China equally flexes its muscles in its neighborhood, and with its impressive economic and technological might it is trying to rewrite the rules of the international order and putting itself into a dominant position, convinced that the West is in decline. Each in its own way has launched a “systemic competition,” driven by the goal of decreasing the existential threat of democratization to their rule at home. While they are not truly aligned, Russia and China nevertheless agree on this one goal: to make the world safe for autocracy.

The new muscular language from the United States, first in the national security documents of the Trump administration and now in the speeches and articles from the Biden administration, is a reaction to this change. Team Biden has come to the conclusion that neither Russia nor China are still on the path of transformation toward liberalism and that it is democracy that is on the defensive. The U.S. foreign policy project is now to reverse this dynamic by building new economic and technological strength and political resilience at home, and through cooperation and coalition-building with ‘like-minded’ democracies abroad.

No More Comfort Zone

The global paradigm change from cooperation to competition is a particular challenge for Germany. It forces the country to leave its traditional comfort zone and embrace competition, which includes the acceptance of tensions and confrontation.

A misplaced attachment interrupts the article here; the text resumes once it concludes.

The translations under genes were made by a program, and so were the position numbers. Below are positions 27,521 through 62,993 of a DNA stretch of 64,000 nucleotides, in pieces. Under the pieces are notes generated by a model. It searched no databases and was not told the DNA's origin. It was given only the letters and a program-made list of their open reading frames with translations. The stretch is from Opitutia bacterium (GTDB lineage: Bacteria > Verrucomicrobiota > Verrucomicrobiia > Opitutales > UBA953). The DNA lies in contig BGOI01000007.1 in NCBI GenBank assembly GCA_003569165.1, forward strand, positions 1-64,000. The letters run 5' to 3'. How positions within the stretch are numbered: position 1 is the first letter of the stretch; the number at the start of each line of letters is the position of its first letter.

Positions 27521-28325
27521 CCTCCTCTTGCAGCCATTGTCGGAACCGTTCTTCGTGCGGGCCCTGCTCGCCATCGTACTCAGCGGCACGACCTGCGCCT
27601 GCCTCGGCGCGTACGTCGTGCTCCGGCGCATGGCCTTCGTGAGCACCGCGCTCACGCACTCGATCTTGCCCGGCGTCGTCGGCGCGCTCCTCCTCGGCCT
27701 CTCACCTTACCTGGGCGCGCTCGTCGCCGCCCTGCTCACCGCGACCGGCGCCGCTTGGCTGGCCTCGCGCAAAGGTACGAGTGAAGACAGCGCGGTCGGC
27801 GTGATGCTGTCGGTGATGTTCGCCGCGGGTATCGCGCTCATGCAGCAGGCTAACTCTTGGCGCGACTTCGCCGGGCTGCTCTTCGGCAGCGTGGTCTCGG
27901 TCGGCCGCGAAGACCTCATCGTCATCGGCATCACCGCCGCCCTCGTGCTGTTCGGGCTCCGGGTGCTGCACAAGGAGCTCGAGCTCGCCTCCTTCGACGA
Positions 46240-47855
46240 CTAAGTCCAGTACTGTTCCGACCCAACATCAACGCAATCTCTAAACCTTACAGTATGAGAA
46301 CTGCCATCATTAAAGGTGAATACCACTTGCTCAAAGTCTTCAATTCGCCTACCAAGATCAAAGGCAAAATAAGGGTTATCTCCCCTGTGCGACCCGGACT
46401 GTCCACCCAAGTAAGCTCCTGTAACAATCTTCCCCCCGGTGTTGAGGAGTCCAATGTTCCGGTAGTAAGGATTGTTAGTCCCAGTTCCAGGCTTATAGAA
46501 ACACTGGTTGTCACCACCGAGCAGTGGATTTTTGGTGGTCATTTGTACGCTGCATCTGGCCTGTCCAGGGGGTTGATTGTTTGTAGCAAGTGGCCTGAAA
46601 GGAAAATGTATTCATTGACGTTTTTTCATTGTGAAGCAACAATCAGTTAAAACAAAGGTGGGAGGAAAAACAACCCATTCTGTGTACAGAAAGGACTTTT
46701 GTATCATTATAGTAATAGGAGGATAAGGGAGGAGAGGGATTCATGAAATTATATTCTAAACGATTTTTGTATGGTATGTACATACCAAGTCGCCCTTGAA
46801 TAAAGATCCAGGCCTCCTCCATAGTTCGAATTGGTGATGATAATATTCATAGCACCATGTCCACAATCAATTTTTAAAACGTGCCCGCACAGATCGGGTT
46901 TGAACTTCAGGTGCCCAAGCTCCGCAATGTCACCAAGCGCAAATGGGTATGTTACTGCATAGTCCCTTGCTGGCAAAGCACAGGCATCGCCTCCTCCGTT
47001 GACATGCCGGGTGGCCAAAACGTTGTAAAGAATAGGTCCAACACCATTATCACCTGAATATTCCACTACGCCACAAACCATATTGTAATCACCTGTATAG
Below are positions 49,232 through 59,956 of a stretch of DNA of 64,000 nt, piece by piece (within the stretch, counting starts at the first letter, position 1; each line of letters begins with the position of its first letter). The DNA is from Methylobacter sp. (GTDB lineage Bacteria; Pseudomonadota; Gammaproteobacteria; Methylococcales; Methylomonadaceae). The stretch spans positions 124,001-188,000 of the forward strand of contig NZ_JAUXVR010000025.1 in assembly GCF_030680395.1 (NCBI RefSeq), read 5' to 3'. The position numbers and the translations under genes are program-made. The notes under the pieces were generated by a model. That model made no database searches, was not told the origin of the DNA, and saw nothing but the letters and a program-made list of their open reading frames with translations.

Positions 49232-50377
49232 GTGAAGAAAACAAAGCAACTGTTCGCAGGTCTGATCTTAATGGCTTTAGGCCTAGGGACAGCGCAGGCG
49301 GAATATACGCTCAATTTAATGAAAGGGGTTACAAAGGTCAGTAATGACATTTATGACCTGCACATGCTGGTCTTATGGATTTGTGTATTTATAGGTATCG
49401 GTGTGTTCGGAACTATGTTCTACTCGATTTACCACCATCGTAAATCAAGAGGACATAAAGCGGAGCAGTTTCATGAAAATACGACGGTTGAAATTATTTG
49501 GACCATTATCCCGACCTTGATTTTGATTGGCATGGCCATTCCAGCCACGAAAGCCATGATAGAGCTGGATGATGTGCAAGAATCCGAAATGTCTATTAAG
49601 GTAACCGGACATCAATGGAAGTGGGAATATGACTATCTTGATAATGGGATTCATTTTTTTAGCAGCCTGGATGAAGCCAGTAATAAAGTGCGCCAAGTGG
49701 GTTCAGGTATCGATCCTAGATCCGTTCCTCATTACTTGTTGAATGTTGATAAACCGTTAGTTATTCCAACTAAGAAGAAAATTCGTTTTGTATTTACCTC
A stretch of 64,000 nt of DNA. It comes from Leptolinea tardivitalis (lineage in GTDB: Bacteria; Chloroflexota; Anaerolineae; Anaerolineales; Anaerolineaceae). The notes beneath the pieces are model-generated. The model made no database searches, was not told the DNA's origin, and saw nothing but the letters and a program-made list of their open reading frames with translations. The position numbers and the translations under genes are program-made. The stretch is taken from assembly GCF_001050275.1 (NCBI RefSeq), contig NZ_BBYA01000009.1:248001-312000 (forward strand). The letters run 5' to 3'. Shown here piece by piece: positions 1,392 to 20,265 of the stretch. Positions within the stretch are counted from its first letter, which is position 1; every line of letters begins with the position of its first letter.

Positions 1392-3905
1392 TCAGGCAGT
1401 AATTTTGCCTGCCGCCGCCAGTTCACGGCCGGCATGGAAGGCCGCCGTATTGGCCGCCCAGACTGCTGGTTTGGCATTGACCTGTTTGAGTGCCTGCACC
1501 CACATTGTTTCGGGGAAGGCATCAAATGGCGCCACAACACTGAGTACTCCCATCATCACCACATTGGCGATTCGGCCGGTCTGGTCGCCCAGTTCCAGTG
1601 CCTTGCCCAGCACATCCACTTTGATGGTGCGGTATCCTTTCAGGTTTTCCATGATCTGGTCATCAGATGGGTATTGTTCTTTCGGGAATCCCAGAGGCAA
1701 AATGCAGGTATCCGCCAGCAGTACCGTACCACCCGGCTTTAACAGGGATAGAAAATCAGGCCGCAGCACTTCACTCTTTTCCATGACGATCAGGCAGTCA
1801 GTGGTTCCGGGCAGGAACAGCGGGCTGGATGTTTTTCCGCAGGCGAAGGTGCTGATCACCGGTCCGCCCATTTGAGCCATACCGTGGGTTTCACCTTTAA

The post-Cold War environment was extremely comfortable for Germany. It could build its new political consensus on the West German conviction that the time of power politics was finally over—that the world was now learning the lessons West Germany thought it had learned in the decades after the Second World War and was now ready to leave behind narrow national interests, inter-state tensions, and conflicts. The “new world order” George H. W. Bush announced would resemble Immanuel Kant’s “eternal peace”: a global system of cooperation, enshrined in law and institutions.

Angela Merkel’s political awakening took place in the 1990s when she was a minister in Helmut Kohl’s cabinet. As she recalls quite regularly, her formative experience was the fall of the Berlin wall—and the discovery of the world behind the wall. The belief in peaceful solutions of conflicts and in historical progress that Merkel always brings with is well grounded in her personal experience.

Yet instead of moving toward more global harmony, the world moved towards more conflict. Power and geopolitics are back. Russia invades and occupies parts of neighboring countries, threatens others, uses all kinds of tools to undermine the EU’s coherence, and intervenes in Syria to keep a dictator in power. China challenges the regional order in the Asia Pacific and increasingly treats European countries like subordinates, using harsh language and sanctions.

The “Merkel doctrine” of treating the United States, France, Russia, and China largely as partners, and making some concessions to each while frustrating them elsewhere, appears to be increasingly out of sync with this new, competitive environment. Germany’s ambiguity is increasingly irritating friends and competitors alike. They want to know where it stands.

France wants to know whether Germany is on board with the concept of European sovereignty. The United States wants to know whether it is ready to join its coalition of democracies and to embrace systemic competition with China. Moscow and Beijing increasingly consider Berlin as something as a Eurasian bridge, at least partially open for their bids for influence.